It should also be noted that the MLS claim that Queens supports a stadium in the park is absurd. Its claim is based upon a poll with 650 respondents, 500 from around Queens and 150 from Corona and Flushing specifically. Sixty percent of the people said they had seen or read nothing of substance about the MLS plan. The 2010 Census determined the population of Queens County was 2,230,722, and in that context a purported poll of 650 people is worthless. Furthermore the poll was conducted by Global Strategy Group, commissioned and paid for by MLS, and Global is also a registered lobbyist for the MLS.
Unless the public rises up and demands the end to the desecration of this park, Manes’ dream may well become a reality and goodbye to a park so vital to the poor and the middle class in our community.
The Queens Chronicle is right to point out there are other nonpark lands where a stadium could be built. Of course, the wealthy soccer club owners would rather have free public parkland than have to pay for nonpark land on the open market.
Hiram Monserrate, a former state senator and city councilman from Western Queens, was sentenced to two years in prison on Tuesday for directing $100,000 of City Council money into a fund used for his failed bid for the state Senate in 2006, according to Manhattan U.S. Attorney Preet Bharara.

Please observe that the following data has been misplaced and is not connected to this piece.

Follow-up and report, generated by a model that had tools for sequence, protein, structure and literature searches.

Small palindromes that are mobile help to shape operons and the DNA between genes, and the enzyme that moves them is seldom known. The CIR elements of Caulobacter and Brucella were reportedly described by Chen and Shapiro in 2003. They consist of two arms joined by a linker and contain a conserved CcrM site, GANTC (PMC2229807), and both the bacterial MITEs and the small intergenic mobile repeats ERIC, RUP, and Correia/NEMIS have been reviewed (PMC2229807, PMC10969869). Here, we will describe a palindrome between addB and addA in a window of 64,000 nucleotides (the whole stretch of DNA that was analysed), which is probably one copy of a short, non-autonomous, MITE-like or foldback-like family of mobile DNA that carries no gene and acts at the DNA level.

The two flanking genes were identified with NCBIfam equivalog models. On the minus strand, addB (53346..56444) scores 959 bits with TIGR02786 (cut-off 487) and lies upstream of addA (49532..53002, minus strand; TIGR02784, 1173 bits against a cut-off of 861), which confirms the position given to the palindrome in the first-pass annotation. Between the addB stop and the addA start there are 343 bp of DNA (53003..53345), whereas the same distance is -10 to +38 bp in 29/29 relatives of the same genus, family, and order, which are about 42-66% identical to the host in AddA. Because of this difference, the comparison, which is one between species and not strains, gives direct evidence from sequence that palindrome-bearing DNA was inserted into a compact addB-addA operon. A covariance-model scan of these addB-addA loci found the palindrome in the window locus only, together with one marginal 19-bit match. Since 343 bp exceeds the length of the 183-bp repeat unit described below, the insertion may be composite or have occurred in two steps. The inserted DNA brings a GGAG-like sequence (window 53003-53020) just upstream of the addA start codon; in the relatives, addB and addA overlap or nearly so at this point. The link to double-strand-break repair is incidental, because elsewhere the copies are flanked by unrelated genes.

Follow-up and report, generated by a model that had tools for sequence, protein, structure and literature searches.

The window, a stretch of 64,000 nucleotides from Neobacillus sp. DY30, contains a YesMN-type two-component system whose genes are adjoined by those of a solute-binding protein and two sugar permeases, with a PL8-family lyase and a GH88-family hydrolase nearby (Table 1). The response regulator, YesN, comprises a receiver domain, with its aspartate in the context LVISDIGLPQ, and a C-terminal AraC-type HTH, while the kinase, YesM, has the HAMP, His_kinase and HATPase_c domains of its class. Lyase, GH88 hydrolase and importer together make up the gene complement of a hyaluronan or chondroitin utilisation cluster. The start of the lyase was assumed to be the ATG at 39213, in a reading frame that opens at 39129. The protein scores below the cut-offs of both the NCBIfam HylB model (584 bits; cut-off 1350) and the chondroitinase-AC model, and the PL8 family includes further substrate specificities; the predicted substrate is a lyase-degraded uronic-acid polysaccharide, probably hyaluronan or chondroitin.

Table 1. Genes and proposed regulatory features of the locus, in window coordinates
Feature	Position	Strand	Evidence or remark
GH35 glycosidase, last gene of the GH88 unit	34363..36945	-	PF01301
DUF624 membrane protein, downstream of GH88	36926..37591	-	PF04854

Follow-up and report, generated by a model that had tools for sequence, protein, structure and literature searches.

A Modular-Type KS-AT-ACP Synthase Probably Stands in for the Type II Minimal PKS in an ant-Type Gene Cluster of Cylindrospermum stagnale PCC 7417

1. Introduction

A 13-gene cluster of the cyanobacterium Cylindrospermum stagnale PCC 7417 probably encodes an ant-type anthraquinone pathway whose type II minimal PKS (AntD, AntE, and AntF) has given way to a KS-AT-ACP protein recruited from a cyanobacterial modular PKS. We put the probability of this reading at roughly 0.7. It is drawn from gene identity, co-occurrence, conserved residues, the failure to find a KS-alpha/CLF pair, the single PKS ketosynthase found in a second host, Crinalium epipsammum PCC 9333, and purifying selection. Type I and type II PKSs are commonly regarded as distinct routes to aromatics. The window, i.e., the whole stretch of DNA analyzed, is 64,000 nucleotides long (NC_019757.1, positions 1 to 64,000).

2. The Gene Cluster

Major League Soccer on Tuesday evening held a town hall discussion in Queens Theatre in the Park aimed at reaching out to the community and airing thoughts surrounding its proposed 25,000-seat stadium in Flushing Meadows Corona Park.
A town hall meeting that featured Argentinian soccer broadcaster Fernando Fiore riling up the crowd and leading chants of “Futbol en Queens.”
For the tiny community of Hamilton Beach, nestled in the southeast corner of Howard Beach, the effects of Hurricane Sandy were unprecedentedly devastating.
The storm surge flooded the entire neighborhood, destroying homes and cars, while sending boats and docks from Hawtree Creek onto the neighborhood’s narrow streets.
Dozens of children in soccer uniforms scampered across the turf in the Saturday sun. Their coaches and parents gathered on the sidelines, barking out instructions and chatting during breaks in play.
“She has soccer in her veins,” Estela Rinc—n said in Spanish, referring to her 10-year-old daughter, Daniela.
The pastors and parishioners of two storefront churches in Corona are outraged that a liquor store opened directly in between them this month.
Bao Liquors set up shop about two weeks ago on Northern Boulevard and 97th Street, and is flanked by Iglesia Biblica Cristiana on one side and Iglesia Cristiana Levantando Hombres de Valor on the other. The churches are upset that state authorities allowed Bao to open despite a law that prevents liquor stores from operating within 200 feet of a church.
A two-against-three knife fight turned fatal early Sunday morning.
Police responded to the alleged gang confrontation outside ofManila Bar and Restaurant at104-21 Roosevelt Ave. in Corona at about 4:30 a.m. The first victim, 20, who had two stab wounds to the chest, died at Elmhurst Hospital. The second victim, 23, was stabbed in the chest and the back. He is listed in stable condition.